Right, I’m going to be slightly undignified and spit the dummy! I am not, not, not, not, N-O-T, NOT going to blather on again about what Ab Fab’s all about – seriously, if you don’t know by now then you’re simply not fashionable enough to be reading this, OK darlings? You can either toddle off and read a Doctor Who review, chrome plate your pocket protector, click this link thingy for the review of Series One, or something...
Now for those that are still here, the simply gorgeous news is that in one appealingly slim and petite package we have a whole another series documenting the lives of Edina (Jennifer Saunders) and Patsy (Joanna Lumley). Also tagging along are that frumpy little whatsit Saffron (Julia Sawalha), bubble-headed Bubble (Jane Horrocks), Eddie’s mum (June Whitfield) and... hey, has anybody ever noticed that everybody here has a name starting with ‘J’? Now THAT’s coordinating your life...
Elsewhere all manner of special guests clamber to get their faces on, from Britcom stalwarts such as Miranda Richardson, Adrian Edmondson, Jo Brand, Christopher Ryan, Kathy Burke, Mark Wing-Davey and Eleanor Bron, to those from the wider world such as Lulu, Britt Ekland, Suzi Quatro, Helena Bonham Carter, Richard E. Grant, Lady Penelope and some elitist cow named Germaine Greer. Ahem. And so darlings, on with the shows!
After attracting tabloid attention over a sordid and somewhat drunken affair (the best kind, of course darling) with an MP, Patsy goes into hiding after her age is disclosed. Perhaps it’s time for some Hello! therapy? Meanwhile, Eddie’s off to hospital after stubbing her toe – so Pats tags along for moral – and facial – support.
While Saffy’s understandably upset at the passing of her grandfather, Eddie’s too busy worrying about her own mortality. Whilst amidst the chaos her daughter tries to organise the funeral, a spot of retail therapy is the order of the day for Eddie, after all darling, she has to have something to bequeath to the nation upon her death!
Edina is promoting a range of sunnies called ‘PopSpex’, and convinces Pats to run a feature on them in the magazine she occasionally wafts by under the pretence of working for. So, it’s off to Marrakech (it’s in Morocco, darling) for a photo shoot, with Saffy tagging along – although if she knew she’d be sold into slavery then she may not have been so eager...
New Best Friend
Old friends of Eddie’s are coming to stay, so in an effort to tidy up Pats is left on the outer. Jealous and feeling neglected, she searches for a new best buddy, until Edina escapes the no fun baby world disaster her house has become and tries to make amends. A flurry of oneupwomanship is then on for young and old – who can land the most famous new pal?
It’s a crisis, darling! Harrods have stopped delivering, and with times becoming a little tight with no maintenance payments coming in, Saffy sends Edina and Patsy off to face one of those curious ‘supermarket’ thingies. Heavens no, could Eddie actually have to adjust to being p... p... p... fiscally challenged?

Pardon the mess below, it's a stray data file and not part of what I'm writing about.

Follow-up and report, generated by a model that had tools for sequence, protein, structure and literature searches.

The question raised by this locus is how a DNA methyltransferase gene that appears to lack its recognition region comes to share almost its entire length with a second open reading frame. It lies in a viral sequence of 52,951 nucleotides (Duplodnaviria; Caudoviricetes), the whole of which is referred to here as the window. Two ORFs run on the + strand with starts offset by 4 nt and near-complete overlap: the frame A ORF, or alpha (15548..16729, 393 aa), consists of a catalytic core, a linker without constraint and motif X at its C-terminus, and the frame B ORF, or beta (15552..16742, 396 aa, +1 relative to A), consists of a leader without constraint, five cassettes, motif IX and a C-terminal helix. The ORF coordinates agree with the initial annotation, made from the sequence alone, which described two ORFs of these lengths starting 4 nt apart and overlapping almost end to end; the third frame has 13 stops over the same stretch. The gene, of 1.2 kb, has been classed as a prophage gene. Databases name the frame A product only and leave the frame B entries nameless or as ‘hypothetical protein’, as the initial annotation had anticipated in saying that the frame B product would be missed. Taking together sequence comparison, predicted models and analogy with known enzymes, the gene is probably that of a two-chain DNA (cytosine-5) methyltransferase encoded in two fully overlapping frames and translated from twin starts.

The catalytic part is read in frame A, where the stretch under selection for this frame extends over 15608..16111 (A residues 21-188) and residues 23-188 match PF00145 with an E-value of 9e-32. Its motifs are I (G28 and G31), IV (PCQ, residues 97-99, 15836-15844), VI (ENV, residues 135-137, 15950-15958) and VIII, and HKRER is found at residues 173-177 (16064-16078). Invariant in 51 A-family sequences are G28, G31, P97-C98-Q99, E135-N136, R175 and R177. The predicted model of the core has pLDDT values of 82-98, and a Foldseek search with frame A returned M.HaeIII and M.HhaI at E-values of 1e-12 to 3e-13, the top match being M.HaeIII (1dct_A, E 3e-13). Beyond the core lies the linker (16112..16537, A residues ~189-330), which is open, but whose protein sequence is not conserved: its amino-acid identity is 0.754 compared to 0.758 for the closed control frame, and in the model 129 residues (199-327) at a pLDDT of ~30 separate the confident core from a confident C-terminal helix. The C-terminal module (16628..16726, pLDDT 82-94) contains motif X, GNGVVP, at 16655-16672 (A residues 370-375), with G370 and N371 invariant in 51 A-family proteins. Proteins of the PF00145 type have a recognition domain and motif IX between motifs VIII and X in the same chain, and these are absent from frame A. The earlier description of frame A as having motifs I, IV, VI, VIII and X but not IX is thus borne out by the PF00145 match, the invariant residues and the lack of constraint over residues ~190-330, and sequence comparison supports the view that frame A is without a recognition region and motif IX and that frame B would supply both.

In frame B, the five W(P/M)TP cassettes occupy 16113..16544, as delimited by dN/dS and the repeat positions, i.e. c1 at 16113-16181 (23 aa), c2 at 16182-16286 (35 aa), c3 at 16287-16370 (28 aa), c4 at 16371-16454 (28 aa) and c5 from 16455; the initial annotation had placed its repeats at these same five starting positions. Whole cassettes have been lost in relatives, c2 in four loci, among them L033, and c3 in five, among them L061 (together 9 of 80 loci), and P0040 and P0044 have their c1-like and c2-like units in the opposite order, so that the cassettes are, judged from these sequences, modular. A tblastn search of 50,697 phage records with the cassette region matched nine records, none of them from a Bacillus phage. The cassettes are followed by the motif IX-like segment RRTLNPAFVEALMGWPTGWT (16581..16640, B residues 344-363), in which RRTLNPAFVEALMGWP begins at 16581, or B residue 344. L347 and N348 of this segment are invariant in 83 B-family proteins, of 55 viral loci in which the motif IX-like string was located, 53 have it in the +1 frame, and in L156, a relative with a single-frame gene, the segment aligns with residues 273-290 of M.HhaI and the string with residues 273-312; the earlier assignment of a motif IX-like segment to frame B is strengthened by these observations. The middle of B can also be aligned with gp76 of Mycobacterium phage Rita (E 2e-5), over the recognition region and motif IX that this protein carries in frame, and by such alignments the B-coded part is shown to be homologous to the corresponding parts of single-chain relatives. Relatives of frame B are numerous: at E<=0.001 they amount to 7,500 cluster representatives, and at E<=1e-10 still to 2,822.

Ooh, does Saffy actually have a pulse? She’s planning a night in with her boyfriend (!), however it all goes horribly wrong after Patsy kind of burns down Eddie’s kitchen, everybody moves into the sitting room and then kind of get locked in by Gran. It’s time for some mother and daughter bonding and a touch of introspection – and we’re not talking about a Pet Shop Boys album sweeties...
Visually things are hardly the height of fashionable chic, as with this series dating back to 1994 things like widescreen television transmission and DVDs were all but twinkles in they eyes of techno-boffins. As you would expect then, all is full frame and not 16x9 enhanced.
Like most every other BBC show that has made the journey onto little shiny disc, the picture is about the best you’ll ever see it, without being super-fab. Almost entirely shot on video, save for the occasional outdoors scene, while colour is generally gorgeously vivid – sometimes almost blindingly so when it comes to many of the more creative ensembles Edina wears, detail is only really so-so and there’s a bit of aliasing here and there that tends to be quite noticeable. Whilst most episodic releases such as this manage to hide the layer change between episodes, this disc plonks it at around the eight and a half minute mark of the fourth episode – and mid-scene as well. Needless to say it is more obvious than Patsy in a nunnery.
If any surround speakers or subwoofwoofs are reading this, and are looking to take a vacation – may we suggest this disc? Yep, not surprisingly it’s bog (oh, such an un-pretty word, sweetie!) standard Dolby Digital stereo on this one, and whilst it may not be particularly exciting, it does at least do its job well – delivering everything as clearly as it is indeed possible to deliver sometimes hysterical or drunken outbursts. It’s all synched perfectly, the flange-o-rama cover of Dylan’s This Wheel’s On Fire by Julie Driscoll and Ade Edmondson returns as the theme song once more and, well, let’s move on, shall we?